EXPERIMENTAL METHODS

Experimental set-up and procedure

The experimental set-up for PCO tests is depicted in Figure 1. The coated filter is installed perpendicular to the airflow inside the photoreactor (made of aluminum with 10 cm x 10 cm (3.94 x 3.94 inch) inner cross section area and 1.3 m (51.18 inch) length) and two UV lamps (Philips, TUV PL-S 5W/4P) are placed at each side of the filter. Details regarding the operation of the system, and air sampling procedure and analyzing can be found in (Mamaghani et al. 2018b). The challenge compounds and their properties are listed in Table 1. The test procedure is as follows: after installing the titania-coated Ni filter in the reactor, air with target relative humidity and flow rate is introduced. A dark adsorption step is employed prior to PCO test to bring titania catalyst to adsorption equilibrium with the pollutants. Afterwards, the injection of VOC mixture with desired VOCs concentration is initiated. After 5 min of VOC injection, all the UV lamps are switched on and the samplings for determining the concentrations of VOCs (using GC-MS (PerkinElmer Clarus[R] 500)) and by-products (using HPLC (PerkinElmer Flexar)) are started. The experimental conditions are summarized in Table 2.

PCO filter preparation and characterization

P25 Aeroxide from Evonik[R], PC500 from Cristal Global Companies, and UV100 from Hombikat[R] were tested in this study. Titania-filters were prepared by a pipetting method in which 1 wt% aqueous solution of Ti[O.sub.2] powder is placed drop by drop on a nickel foam filter (Shanghai Tankii Alloy Material) until the solution covers the entire surface. Filter is dried at 80[degrees]C (176 [degrees]F) for 12 h and subsequently weighed to calculate the coating density. The morphology of the coated filters was studied by SEM (Hitachi S-4700). FTIR analyses were conducted using a Nicolet 6700 FT-IR. The crystalline properties were measured by X-ray diffraction (Bruker, D8 advance). Surface area was measured with a nitrogen adsorption apparatus (AUTOSORB-1, Quantochrome).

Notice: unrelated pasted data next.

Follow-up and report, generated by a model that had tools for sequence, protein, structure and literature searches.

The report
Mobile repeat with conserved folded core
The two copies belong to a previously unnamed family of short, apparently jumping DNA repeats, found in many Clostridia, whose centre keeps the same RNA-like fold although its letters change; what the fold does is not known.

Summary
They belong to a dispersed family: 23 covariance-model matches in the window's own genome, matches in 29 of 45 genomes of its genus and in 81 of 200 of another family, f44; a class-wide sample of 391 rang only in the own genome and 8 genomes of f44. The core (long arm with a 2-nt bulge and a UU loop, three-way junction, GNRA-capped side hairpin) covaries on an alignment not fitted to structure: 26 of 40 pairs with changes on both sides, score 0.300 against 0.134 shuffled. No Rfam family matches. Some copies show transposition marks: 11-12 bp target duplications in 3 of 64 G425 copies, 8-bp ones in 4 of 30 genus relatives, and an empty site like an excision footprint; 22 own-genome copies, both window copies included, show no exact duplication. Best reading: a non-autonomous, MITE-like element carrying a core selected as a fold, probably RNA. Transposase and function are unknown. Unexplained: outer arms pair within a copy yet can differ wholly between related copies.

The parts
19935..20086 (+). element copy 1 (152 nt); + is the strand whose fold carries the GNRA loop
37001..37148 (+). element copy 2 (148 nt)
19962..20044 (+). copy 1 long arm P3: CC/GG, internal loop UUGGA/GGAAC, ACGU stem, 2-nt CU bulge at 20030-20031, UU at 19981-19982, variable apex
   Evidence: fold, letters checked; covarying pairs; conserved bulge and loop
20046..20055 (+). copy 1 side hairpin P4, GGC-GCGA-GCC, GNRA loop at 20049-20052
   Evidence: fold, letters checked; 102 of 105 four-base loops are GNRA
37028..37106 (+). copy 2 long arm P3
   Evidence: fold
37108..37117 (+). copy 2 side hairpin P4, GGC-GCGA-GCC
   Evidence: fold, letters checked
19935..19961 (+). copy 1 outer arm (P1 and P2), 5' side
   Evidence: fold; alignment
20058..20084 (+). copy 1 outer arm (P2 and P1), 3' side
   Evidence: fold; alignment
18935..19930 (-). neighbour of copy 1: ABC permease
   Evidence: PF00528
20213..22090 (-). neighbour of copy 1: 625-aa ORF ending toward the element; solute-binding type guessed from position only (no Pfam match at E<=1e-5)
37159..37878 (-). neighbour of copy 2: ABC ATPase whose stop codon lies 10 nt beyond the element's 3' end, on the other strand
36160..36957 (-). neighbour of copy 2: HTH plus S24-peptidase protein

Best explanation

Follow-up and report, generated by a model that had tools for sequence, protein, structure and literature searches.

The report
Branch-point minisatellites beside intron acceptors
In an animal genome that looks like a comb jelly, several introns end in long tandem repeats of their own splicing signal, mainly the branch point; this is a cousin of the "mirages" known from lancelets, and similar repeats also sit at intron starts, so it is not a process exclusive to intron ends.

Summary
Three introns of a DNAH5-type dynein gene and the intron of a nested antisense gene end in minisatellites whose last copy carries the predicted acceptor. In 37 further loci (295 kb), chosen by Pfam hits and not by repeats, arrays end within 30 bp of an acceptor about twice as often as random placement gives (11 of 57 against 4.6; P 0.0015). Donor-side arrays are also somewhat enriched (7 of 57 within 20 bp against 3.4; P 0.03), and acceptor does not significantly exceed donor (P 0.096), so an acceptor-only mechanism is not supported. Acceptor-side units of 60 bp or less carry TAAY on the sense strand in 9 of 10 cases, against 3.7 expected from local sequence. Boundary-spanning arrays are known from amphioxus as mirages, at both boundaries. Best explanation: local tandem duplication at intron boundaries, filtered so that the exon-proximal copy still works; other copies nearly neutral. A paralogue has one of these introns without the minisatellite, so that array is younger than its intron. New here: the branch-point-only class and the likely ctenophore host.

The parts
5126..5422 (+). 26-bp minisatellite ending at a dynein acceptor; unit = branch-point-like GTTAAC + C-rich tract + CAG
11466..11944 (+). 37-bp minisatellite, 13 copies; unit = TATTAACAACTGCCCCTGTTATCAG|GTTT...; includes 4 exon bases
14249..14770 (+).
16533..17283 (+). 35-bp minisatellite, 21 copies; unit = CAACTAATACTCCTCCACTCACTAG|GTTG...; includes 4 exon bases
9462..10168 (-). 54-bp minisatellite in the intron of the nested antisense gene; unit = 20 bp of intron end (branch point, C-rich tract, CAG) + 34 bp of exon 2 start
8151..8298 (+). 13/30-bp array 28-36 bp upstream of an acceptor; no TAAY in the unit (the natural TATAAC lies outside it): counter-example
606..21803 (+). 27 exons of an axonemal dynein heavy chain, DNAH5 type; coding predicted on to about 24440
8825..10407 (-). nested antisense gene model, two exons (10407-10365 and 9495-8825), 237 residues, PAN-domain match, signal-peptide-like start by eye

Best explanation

Photocatalytic system performance evaluation

The VOC single-pass removal efficiency ([eta]) at different times is calculated as follows:

[[eta].sub.t](%) = 100x[([C.sup.t.sub.up]-[C.sup.t.sub.down])/[C.sup.t.sub.up]] (1)

[C.sub.up.sup.t] and [C.sub.down.sup.t] are the upstream and downstream concentrations of each VOC (in ppb) at time t (min). By-product generation is defined as the difference between the amounts of detected compound in the outlet and inlet air streams:

By - products generation (ppb) - [G.sup.t.sub.t,up][G.sup.t.sub.t,dow] (2)

[G.sup.t.sub.1, up] and [G.sup.t.sub.i, down] are the upstream and downstream concentrations of by-product i in ppb at time t (min), respectively. Among the detected by-products, formaldehyde and acetaldehyde are extremely dangerous to human's health and are regarded as carcinogens. Consequently, it is important to evaluate the risk level to human health of each photocatalytic air filter during operation. To do so, a health-related index (HRI) was determined based on the concentrations of by-products (C) and the recommended exposure limit (REL) values published by NIOSH (National Institute for Occupational Safety and Health) given in Table 3 (NIOSH 2018). [HRI.sub.i] and [HRI.sub.tot] are defined as:

[HRI.sub.wt]=[summation][HRl.sub.i] where [HRl.sub.i] = [[C.sub.t]/[REL.sub.t]] (3)

RESULTS AND DISCUSSION

Photocatalysts characterization